• From: £67,052
  • To: £46,967

20. Mercedes EQC

  • Drop: 29.1 per cent
  • Lost: £14,467
  • From: £49,800
  • To: £35,333

21. Alfa Romeo Mito diesel

  • Drop: 27.9 per cent
  • Lost: £2,375
  • From: £8,500
  • To: £6,125

22. Audi e-Tron Sportback

  • Drop: 27.8 per cent
  • Lost: £14,080
  • From: £50,600
  • To: £36,520

23. Mini Cooper electric

  • Drop: 27.8 per cent
  • Lost: £6,050
  • From: £21,767
  • To: £15,717

24. Polestar 2

  • Drop: 27.7 per cent
  • Lost: £11,300
  • From: £40,800
  • To: £29,500

25. Smart ForFour electric

  • Drop: 26.3 per cent
  • Lost: £3,017
  • From: £11,483
  • To: £8,467

26. Honda E

  • Drop: 25.5 per cent
  • Lost: £5,625
  • From: £22,025
  • To: £16,400

27. Vauxhall Vivaro Life electric

  • Drop: 25.5 per cent
  • Lost: £6,750
  • From: £26,425
  • To: £19,675

28. Tesla Model 3

  • Drop: 24.8 per cent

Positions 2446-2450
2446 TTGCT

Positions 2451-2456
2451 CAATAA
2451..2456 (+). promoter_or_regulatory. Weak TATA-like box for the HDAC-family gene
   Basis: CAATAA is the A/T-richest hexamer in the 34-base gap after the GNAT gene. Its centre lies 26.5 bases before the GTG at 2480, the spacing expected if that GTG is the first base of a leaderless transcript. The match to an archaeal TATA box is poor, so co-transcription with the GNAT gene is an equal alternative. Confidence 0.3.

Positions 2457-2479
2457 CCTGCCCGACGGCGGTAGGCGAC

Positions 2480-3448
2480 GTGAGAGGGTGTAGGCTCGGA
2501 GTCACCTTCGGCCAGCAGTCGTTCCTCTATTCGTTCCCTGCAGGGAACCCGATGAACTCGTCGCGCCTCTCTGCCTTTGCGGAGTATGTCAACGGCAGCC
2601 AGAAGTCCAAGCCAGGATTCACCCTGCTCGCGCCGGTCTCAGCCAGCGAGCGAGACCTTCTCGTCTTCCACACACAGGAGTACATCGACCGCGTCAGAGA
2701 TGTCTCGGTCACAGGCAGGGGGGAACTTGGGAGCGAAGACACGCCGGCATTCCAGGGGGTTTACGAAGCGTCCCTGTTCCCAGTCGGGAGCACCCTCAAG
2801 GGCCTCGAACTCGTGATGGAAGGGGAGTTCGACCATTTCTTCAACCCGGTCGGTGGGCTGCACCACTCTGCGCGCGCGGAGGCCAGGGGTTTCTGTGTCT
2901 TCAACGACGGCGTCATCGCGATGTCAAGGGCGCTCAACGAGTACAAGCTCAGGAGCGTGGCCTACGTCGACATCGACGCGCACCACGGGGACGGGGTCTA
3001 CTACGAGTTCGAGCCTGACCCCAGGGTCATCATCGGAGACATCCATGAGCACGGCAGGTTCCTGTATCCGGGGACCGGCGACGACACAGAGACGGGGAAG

• Lost: £8,775
  • From: £35,400
  • To: £26,625

29. Porsche Taycan

  • Drop: 24.2 per cent
  • Lost: £20,750
  • From: £83,625
  • To: £62,875

30. Smart ForTwo electric

  • Drop: 24 per cent
  • Lost: £2,910
  • From: £12,120
  • To: £9,210

For the latest on used car prices join our WhatsApp groups (link below) or check out the Used Car tab at the top of this page.

James Baggott's avatar

James is the founder and editor-in-chief of Car Dealer Magazine, and CEO of parent company Baize Group. James has been a motoring journalist for more than 20 years writing about cars and the car industry.